In determining whether the second habeas court abused its discretion by denying the petitioner certification to appeal, we have reviewed the records of the petitioner's criminal and second habeas trials and the second habeas court's memorandum of decision. Given the underlying facts, the criminal charges against the petitioner, and the relative newness of Salamon and its retroactive application, we conclude that the petitioner's Salamon claim is adequate to deserve encouragement to proceed further, as the issues it raises are not entirely settled by our Supreme Court.[13] On the basis of our review of the petitioner's Salamon claim, however, we conclude that he cannot prevail on its merits.

         II

         The petitioner claims that the second habeas court improperly determined that he was not denied certain constitutional and statutory rights. We disagree.

         We are mindful that ‘‘[t]he habeas court is afforded broad discretion in making its factual findings, and those findings will not be disturbed unless they are clearly erroneous. . . . Historical facts constitute a recital of external events and the credibility of their narrators. . . . Accordingly, [t]he habeas judge, as the trier of facts, is the sole arbiter of the credibility of witnesses and the weight to be given to their testimony. . . . The application of the habeas court's factual findings to the pertinent legal standard, however, presents a mixed question of law and fact, which is subject to plenary review.'' (Internal quotation marks omitted.) Thomas v. Commissioner of Correction, 141 Conn.App. 465, 470, 62 A.3d 534, cert. denied, 308 Conn. 939, 66 A.3d 881 (2013).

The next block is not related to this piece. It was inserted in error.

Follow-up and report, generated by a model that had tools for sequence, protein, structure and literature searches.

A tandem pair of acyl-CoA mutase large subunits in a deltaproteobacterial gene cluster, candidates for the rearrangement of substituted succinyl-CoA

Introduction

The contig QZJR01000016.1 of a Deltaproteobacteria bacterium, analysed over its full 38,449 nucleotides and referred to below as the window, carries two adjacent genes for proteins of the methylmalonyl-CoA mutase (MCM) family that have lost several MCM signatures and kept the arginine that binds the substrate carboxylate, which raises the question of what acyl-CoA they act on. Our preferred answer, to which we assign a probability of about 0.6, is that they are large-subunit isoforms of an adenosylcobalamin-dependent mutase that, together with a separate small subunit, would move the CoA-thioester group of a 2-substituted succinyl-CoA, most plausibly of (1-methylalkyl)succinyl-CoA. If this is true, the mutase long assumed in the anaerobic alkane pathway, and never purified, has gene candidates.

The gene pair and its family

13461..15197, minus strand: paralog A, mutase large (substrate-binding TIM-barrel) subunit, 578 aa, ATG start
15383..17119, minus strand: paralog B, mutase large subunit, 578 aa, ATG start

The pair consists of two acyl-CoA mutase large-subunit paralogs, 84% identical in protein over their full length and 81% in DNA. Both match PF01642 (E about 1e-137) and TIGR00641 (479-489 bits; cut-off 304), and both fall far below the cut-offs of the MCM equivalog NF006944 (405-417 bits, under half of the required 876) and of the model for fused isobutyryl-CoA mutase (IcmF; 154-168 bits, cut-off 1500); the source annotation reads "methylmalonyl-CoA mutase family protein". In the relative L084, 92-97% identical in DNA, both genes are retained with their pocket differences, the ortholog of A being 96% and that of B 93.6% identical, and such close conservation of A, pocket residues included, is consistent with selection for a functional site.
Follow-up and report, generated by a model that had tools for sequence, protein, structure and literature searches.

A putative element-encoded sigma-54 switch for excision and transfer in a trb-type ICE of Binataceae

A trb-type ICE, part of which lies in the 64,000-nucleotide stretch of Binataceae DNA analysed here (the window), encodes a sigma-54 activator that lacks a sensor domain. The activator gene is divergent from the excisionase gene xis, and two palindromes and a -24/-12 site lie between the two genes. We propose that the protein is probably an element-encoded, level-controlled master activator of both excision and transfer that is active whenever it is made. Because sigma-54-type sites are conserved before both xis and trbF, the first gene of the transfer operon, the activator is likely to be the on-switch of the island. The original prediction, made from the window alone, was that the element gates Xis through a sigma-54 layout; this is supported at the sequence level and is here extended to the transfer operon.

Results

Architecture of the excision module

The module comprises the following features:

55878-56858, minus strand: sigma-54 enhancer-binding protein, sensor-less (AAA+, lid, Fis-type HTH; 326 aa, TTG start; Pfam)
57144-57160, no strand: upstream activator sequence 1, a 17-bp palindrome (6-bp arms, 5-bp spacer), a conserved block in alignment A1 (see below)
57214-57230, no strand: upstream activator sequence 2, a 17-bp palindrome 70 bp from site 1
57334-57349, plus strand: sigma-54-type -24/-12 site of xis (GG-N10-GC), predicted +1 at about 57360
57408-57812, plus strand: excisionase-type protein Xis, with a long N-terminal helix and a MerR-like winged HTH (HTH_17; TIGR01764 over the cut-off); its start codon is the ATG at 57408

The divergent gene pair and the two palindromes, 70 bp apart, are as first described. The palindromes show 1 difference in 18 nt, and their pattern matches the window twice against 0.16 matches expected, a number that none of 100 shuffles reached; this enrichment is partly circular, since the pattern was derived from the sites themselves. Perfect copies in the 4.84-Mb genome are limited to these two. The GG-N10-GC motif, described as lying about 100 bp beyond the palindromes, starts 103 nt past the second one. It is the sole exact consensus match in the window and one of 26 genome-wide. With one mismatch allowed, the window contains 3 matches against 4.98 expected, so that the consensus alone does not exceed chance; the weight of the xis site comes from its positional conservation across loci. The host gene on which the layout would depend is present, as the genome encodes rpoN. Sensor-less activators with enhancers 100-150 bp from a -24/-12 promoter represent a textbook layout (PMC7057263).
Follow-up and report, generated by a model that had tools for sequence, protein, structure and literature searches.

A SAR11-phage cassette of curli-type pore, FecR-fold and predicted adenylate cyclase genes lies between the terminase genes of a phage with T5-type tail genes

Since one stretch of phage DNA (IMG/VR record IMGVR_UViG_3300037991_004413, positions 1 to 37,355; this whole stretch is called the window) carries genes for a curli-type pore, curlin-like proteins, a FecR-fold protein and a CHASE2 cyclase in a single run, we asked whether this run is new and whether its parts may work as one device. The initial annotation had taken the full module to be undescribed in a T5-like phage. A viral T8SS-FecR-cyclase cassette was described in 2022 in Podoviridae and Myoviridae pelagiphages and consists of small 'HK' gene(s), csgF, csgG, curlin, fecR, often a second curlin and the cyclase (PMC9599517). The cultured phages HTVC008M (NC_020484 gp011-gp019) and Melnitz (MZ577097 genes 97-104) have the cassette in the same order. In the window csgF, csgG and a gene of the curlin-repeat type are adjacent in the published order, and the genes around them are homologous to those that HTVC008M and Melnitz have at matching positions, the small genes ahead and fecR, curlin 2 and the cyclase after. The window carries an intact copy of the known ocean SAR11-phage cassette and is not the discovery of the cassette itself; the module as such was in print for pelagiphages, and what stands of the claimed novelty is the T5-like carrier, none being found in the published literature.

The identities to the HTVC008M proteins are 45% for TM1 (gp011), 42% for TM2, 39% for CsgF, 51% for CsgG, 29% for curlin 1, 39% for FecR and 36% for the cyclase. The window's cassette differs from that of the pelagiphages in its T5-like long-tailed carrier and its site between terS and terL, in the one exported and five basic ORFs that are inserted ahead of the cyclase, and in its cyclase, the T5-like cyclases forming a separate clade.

A

         The petitioner claims that the habeas court improperly concluded that his constitutional right to due process was not violated when he was convicted of kidnapping without the jury being instructed to determine whether the victim was restrained to an extent exceeding that which was necessary to accomplish or complete the other crimes charged. We do not agree, given the particular facts of the present case.

         We first set forth the law applicable to the petitioner's Salamon claim. ‘‘[I]t is well established that a defect in a jury charge which raises a constitutional question is reversible error if it is reasonably possible that, considering the charge as a whole, the jury was misled. . . . [T]he test for determining whether a constitutional error is harmless . . . is whether it appears beyond a reasonable doubt that the error complained of did not contribute to the verdict obtained. . . . A jury instruction that improperly omits an essential element from the charge constitutes harmless error [only] if a reviewing court concludes beyond a reasonable doubt that the omitted element was uncontested and supported by overwhelming evidence, such that a jury verdict would have been the same absent the error . . . . The failure to charge in accordance with Salamon is viewed as an omission of an essential element . . . and thus gives rise to constitutional error.'' (Citations omitted; internal quotation marks omitted.) Hinds v. Commissioner of Correction, 321 Conn. 56, 77-78, 136 A.3d 596 (2016).